Why Trees Are Important

Trees in Lexington: Frequently Asked Questions

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Why Are Trees Important?

Trees have an important role to play in making Lexington a healthier, more livable, and more resilient place to live. Mature trees provide a host of benefits:

· Trees help cool our neighborhoods, both by shading and by evapotranspiration through their leaves. Suburban areas with mature trees are 4 to 6oF cooler than new suburbs without trees.1

· Trees absorb carbon, reducing the impact of global warming. A single mature tree will remove more than 48 pounds of carbon dioxide from the atmosphere every year.2 Trees in urban areas are responsible for 20% of all of the carbon sequestration achieved by U.S. forests.3

· Trees promote infiltration, intercept and absorb stormwater, and reduce the impacts of severe storms. Tree roots penetrate compacted soil, opening up channels for infiltration, and their leaves and branches intercept rainfall that then evaporates, reducing stormwater flows.

· Trees improve air quality. Trees remove gaseous air pollution by uptake via leaf pores, and remove particulate matter by deposition on plant surfaces. By lowering temperatures, trees also slow the formation of smog.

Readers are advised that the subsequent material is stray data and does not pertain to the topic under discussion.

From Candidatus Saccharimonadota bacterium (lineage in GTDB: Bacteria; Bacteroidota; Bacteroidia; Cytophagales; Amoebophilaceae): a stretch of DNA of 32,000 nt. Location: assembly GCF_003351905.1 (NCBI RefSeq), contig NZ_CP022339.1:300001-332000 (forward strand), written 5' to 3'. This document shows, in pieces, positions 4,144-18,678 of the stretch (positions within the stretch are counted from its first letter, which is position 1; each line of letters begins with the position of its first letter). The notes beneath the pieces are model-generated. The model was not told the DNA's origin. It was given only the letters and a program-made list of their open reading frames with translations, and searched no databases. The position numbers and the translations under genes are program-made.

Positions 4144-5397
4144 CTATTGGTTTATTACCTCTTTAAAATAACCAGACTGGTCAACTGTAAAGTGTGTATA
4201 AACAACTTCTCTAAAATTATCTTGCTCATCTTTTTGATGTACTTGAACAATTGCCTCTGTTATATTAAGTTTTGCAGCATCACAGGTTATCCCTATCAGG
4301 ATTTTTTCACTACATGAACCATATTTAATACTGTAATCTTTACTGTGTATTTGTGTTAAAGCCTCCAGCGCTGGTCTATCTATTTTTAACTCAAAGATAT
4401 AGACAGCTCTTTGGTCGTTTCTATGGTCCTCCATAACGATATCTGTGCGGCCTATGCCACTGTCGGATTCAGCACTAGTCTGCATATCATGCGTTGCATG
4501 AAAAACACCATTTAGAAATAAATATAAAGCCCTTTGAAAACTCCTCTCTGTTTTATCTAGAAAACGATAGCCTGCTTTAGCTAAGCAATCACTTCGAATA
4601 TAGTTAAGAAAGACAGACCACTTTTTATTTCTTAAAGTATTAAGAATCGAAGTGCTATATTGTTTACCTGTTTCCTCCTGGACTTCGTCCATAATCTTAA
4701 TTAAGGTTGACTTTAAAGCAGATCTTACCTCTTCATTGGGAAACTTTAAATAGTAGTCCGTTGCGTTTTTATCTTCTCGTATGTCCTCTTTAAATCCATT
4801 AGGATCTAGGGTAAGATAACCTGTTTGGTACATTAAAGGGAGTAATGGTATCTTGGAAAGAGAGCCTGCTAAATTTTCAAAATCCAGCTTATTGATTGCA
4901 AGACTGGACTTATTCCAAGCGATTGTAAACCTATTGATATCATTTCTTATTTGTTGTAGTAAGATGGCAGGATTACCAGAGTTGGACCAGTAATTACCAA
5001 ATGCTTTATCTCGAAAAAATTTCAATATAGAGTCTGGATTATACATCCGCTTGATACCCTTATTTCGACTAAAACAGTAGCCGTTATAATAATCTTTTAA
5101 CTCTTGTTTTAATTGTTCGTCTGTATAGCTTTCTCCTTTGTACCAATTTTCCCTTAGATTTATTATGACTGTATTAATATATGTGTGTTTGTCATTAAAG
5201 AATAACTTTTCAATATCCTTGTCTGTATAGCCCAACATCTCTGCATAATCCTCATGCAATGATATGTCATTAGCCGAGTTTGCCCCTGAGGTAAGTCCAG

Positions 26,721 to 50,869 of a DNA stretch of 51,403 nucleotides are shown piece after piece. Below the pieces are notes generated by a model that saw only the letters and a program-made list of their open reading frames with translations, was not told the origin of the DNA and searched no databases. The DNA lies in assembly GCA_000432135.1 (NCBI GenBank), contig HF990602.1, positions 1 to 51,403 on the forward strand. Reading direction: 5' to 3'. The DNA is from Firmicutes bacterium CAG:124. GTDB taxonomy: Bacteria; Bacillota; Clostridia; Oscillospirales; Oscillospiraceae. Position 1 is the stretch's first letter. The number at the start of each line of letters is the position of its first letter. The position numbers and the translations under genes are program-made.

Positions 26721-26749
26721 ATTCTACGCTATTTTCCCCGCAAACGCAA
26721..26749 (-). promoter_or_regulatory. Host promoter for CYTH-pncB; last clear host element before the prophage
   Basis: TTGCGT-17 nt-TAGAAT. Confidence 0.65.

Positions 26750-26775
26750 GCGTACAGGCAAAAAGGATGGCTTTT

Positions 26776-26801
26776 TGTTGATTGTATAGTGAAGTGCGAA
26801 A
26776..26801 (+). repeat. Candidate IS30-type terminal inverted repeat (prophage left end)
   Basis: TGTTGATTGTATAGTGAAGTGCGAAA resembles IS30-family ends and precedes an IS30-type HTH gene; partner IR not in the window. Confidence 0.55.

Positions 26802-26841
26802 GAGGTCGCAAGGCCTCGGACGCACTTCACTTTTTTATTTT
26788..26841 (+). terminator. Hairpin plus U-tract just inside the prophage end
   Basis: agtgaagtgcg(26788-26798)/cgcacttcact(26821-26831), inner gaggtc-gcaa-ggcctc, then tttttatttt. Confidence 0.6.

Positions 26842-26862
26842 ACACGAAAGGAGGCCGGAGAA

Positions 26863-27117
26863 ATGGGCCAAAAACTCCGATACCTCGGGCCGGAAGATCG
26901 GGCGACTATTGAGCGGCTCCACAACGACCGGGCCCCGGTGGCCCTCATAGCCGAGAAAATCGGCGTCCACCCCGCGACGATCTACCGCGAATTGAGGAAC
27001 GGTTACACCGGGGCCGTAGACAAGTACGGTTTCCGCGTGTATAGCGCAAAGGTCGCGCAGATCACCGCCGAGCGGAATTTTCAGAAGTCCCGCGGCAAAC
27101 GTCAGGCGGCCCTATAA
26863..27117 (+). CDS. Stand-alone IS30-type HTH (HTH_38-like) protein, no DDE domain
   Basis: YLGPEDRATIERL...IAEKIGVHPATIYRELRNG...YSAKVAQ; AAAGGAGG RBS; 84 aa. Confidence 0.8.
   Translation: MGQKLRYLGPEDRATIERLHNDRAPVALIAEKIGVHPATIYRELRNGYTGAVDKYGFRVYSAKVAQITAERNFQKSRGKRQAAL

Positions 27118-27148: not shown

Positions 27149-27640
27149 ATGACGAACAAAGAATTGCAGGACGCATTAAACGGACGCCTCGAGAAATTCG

· Trees are an important part of the ecological communities that surround and sustain us. A single tree can be home to hundreds of species of insects, fungi, moss, birds, mammals, and plants. Oak trees, for instance, serve as hosts to more than 500 species of butterfly and moth caterpillars which are an important foundation of many wildlife food chains.4

· Trees enhance property values. A range of studies have found increases of about 3 to 10 percent in residential property values associated with the presence of trees and vegetation.5

· Trees contribute to our mental health and well-being. A variety of studies have shown that trees provide a wealth of mental health and quality-of-life benefits, from increased cognitive function to reductions in stress and anxiety6, reduced crime7, and even more rapid recovery from surgery.8

For references and further reading, click here.

Is Lexington Losing Trees?

We think so. Many trees have been lost to development, disease, age, and other factors over the last 30 years, and for many years tree planting did not keep up, though we’re doing better now. We’ll have a clearer answer to this question in a few months: the town has commissioned a tree canopy study that will document trends in our tree coverage.

Does the Town Do Anything to Protect Trees and Promote Their Planting?

Yes!

The town’s Forestry Division within the Department of Public Works, led by our Tree Warden, Chris Filadoro, oversees approximately 15,000 street trees and numerous other trees on public grounds, historic sites, conservation areas, and parkland. The staff of the division is responsible for tree planting, pruning, removal, and general tree care.